Your approach is not an unusual one, engine brakes to measure horsepower usually make use of such a method, but they use much bigger water barrels. To answer your questions:
"Can I just fill a tub of water, and divide the output exhaust into 4/5 tubes, take them through a tank of water?"
A: Yes you can, but the heat exchange between the water and the exhaust gas is not known, so you don't know the diameter or lenght of pipe needed for the desired temperature drop. The only thing known is that the cooling gets worse when the difference in temperature between water/exhaust gas gets lower. That happens when the water heats up after you have tested for a while. Using more tubes gives better cooling.
What's the amount of water that'd be required for the setup to be able to give that much heat reduction, for ~ an hour?
A: That heavily depends on the efficiency of the pipes regarding heat exchange. More pipes is better, more surface is better(bigger or folded pipes), thinner wall thickness is better, materials with lower heat resistance is better(like copper or else aluminum).
What sort of geometry should I build to not have much back-pressure on the gas flow.
A: I'd suggest a cooling spiral within your barrel, that will give the least resistance to the gas flow. Sharp turns in your piping make things worse.
What'll likely be the best material to build these pipes?
A: Copper is an excellent heat exchanger and still afforable. Aluminum is also good at it, and even less expensive. You can buy those crumpled up, thin walled aluminum pipes for aircon units and such. I'd recommend these with a 50mm/2in diameter:
You just want to create as much surface as possible, as thin as possible to reduce the total heat resistance. Crumpled up pipes create more surface, adding more pipes adds more surface. The more crumpled up, the better. It's just like air filters. The crumpliness of the pipes does add a tiny bit of resistance to gas flow, but you won't notice it.
What's the best direction/references/designs to look into for design such, water bath/non-circulating type heat exchangers?
A: I wouldn't know, but I think you've now got enough information to proceed.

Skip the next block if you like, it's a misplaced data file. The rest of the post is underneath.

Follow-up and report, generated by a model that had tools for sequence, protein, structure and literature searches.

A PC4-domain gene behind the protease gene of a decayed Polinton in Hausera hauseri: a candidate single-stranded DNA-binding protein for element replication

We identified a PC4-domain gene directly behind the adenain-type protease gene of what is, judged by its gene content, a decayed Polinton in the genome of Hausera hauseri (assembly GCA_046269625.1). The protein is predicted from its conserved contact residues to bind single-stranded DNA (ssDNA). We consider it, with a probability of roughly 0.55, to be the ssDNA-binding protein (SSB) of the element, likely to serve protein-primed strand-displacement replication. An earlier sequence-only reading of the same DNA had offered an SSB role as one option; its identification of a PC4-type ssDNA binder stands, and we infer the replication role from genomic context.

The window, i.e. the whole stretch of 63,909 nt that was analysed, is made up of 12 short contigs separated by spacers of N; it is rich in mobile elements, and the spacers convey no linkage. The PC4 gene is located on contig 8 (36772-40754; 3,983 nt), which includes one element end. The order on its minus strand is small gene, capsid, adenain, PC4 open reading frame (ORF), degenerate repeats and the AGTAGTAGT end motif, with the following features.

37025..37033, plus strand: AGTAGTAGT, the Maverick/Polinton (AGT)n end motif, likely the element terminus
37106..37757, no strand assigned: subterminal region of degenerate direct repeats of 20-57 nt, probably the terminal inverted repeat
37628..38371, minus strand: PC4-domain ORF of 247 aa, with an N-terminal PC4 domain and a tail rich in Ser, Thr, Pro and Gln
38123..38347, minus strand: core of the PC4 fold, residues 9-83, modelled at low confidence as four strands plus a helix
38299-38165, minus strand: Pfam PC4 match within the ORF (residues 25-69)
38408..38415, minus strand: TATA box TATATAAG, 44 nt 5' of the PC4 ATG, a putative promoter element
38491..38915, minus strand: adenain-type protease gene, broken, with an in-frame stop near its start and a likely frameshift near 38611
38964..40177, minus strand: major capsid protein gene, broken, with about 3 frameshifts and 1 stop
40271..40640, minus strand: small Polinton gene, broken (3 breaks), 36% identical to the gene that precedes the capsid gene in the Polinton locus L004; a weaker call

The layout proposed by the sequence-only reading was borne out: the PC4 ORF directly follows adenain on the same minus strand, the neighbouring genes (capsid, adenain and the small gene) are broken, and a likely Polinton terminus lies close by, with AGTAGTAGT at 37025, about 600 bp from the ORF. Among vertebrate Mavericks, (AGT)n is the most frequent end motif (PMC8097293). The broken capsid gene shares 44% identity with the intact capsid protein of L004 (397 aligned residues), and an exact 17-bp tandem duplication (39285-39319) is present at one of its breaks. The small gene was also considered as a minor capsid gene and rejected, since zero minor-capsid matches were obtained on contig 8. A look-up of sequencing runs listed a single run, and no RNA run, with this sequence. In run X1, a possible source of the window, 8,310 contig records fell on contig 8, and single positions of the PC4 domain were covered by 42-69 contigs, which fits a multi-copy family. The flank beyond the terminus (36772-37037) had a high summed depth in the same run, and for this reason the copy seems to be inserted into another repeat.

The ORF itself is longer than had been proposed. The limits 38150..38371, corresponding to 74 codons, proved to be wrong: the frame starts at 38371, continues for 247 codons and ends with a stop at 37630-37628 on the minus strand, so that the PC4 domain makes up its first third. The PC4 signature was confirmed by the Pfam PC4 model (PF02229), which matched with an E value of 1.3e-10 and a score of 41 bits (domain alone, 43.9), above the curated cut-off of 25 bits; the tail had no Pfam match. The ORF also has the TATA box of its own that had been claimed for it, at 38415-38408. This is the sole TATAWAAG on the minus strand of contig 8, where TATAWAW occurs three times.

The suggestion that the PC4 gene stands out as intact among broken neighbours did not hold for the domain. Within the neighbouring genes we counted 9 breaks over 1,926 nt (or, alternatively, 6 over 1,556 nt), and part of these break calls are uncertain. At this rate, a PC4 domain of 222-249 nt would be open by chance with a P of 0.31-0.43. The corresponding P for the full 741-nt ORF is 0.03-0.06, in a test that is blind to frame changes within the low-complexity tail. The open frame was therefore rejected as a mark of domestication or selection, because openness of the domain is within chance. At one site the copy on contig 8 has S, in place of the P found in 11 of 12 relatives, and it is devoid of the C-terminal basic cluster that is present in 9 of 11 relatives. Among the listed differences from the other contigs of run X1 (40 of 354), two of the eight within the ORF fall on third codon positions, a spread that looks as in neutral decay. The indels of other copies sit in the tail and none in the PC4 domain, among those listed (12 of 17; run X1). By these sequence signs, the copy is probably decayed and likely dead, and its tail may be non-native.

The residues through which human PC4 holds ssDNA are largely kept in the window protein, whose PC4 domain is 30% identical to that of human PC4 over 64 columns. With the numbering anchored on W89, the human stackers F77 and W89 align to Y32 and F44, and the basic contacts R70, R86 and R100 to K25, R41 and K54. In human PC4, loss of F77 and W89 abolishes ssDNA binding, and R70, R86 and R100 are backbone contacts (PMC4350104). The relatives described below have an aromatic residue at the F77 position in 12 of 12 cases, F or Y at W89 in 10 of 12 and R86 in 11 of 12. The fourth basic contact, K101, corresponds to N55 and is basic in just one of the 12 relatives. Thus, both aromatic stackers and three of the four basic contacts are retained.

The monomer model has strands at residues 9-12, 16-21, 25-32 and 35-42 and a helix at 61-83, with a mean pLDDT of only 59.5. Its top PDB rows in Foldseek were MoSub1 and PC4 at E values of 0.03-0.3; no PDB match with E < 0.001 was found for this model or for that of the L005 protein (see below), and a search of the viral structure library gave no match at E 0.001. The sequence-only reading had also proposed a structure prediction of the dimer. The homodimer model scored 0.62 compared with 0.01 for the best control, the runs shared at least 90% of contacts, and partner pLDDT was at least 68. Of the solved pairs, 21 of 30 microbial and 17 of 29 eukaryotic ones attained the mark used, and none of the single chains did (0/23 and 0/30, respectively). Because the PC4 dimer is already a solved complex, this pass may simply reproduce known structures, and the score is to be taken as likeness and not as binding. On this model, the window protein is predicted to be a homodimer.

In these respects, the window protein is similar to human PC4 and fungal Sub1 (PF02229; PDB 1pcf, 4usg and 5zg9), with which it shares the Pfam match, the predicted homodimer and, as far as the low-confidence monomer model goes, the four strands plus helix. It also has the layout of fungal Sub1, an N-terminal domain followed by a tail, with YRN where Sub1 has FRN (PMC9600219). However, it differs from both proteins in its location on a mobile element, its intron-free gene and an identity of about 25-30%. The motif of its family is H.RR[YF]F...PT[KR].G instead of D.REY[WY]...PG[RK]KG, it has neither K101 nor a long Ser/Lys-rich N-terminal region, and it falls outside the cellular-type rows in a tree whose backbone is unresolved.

Maybe take a look at instructables.com for some inspiration if you get stuck.
The needed amount of water will depend on the airflow from the exhaust.
Assuming a 2 litre four stroke engine revving at WOT at 4000rpm and 90% volumetric efficiency, you'd get an inlet volume airflow of:
$Volume flow = 2*(1/2)*(4000/60)*0.9 = 0.06 m3/s$ or about 127CFM.
The ambient temperature you give is 23 degrees. Air at that temperature has a density of about 1.185kg/m3 at 1 bar. Assuming an absolute manifoldpressure of 1 bar at WOT, that would translate in a mass airflow of:
Air has a specific heat of 287 J/kgK, so every degree temperature drop per kilogram gives you 287 Joules of heat energy. We're not dealing with dry air, but with exhaust gas which also containt about 1/15 part fuel which has different properties. So let's take 300J/kgK for specific heat to compensate that.
A temperature drop of 90 degrees C (150-60) over our mass flow thus yields a cooling power of:
That's nearly exactly the power that the average watercooker has. You can imagine how fast the water will be heated up. We can calculate that. Water has a specific heat of about 4200J/kgK. So let's say your barrel contains 20Litre(thus ~20kg) of water, then our 1920Watts of power will heat up the water
$dt/s=1920/(4200*20)=0.023 K/sec$ or about 1 degree every 44 seconds.
The surrounding air also cools down the barrel in turn, but let's ignore that for the sake of simplicity here.
That means that our 20L of water will boil in 56 minutes, given that the cooling will be constant. But it won't, it will cool less and less the warmer it gets.
And if you want an exhaust gas temperature of 60 degrees, you obviously have to maintain water temperature (a lot) lower than that. Let's say it can't rise above 45 degrees. That means that the water can rise 22 degrees above ambient, which gives us 16 minutes of cooling before we reach a water temperature of 45 degrees.
NB: this is a calculation that takes a lot of assumptions, and your mileage will vary wildly if the operating conditions of the engine are different from what I assumed. Fill in your own engine properties to get an idea of your situation.
My advice: create some margin, i'd recommend to find an old 200L oil barrel, and use 5 50mm aluminium hoses of about 3 metre, as shown in the picture. Create a little spacing between the hoses for water to flow between, to maximise cooling efficiency. Make a spiral of the hoses in the barrel to keep air restriction at a minimum. Observe the water temperature in the barrel to get an idea how fast it will rise to a level that it won't cool anymore. Preferably make the air flow upwards in the spiral. Thermo syphon working will keep the water circulating in the barrel for maximum cooling efficiency. You can vary the hose length to maintain your 60 degrees air output as the water temperature rises.